The Fargo House is a project by artist and architect Dennis Maher.
Sibley Dome, Cornell University. 2013.
This site-specific installation within the Sibley Dome is a satellite of the Fargo House. Like the house, the satellite is a constellation of assembled and excavated matter. It is constructed from found objects that include ordinary building materials, furniture, and domestic artifacts, many of which have been culled from Maher’s own living space. The overarching canopy of Sibley Dome and other canopy-like objects—such as tents, umbrellas, and a trampoline—provide a surrogate environment for the Fargo House’s displaced “furnishings.” When the satellite exhausts the duration of its mission at Sibley, it will return to the Fargo House. Then, the various pieces of the satellite, along with the documentation of its voyage, will be used in order to build a new dome within the house. The return of the satellite to this center and the reabsorption of its components into the house's matrix are essential in order for the house to expand its cosmology into previously unknown areas and to introduce new territories into the domestic sphere.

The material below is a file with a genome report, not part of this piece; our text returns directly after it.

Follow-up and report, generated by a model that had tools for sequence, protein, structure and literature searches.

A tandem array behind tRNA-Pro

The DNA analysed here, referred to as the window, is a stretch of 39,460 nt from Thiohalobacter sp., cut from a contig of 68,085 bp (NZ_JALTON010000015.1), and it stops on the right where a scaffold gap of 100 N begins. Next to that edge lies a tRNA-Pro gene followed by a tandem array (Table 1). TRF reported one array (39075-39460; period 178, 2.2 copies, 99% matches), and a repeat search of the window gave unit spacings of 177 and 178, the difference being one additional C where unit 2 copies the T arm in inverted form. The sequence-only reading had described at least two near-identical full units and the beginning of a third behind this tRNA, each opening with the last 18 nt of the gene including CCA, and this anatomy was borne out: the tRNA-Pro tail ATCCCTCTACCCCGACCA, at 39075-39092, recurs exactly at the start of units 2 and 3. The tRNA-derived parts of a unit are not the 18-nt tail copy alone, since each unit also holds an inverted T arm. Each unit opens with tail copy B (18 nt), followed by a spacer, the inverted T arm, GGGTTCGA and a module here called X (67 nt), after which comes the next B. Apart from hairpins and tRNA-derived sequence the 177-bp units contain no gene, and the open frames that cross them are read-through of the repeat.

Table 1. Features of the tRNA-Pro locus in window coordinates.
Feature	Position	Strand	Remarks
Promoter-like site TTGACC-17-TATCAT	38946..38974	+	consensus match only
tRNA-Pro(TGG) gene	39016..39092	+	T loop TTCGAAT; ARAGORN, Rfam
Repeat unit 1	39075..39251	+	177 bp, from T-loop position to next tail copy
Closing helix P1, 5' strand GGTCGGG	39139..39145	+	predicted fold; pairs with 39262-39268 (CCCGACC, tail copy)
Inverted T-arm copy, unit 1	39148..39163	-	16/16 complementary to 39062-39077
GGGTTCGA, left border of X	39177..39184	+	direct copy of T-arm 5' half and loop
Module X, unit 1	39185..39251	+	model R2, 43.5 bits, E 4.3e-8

Project Assistants: Micaela Barker, Braedy Chapman, John Costello, Andrew delle Bovi, Juan Andres de Risio, Michael Gainer, Kathryn Hobert, Kyle Mcmindes, Matthew Rosen, Elizabeth Saleh, Daniel Salomon
The inhabitant of the house directs the flow of tables, chairs, lamps and other domestic objects through the matrix of the dwelling space. These elements enter the front door as independent, utilitarian things, but, over time, they rebel against the autonomy of use and embrace the unity of aggregated form. As miniature house models, they hint at new hybridized dwellings and other unstable micro-structures.
The house mirages are the visions that are generated as the Fargo House gazes back at itself. They appear as amalgamated afterimages of collection, reassembly and repair. The mirages distort the house's objects and furnishings, conjuring an illusory world from existing surfaces, textures, and forms. In so doing, they reveal the lucidity of the house's apertures, conflating the everyday with realm of the dream.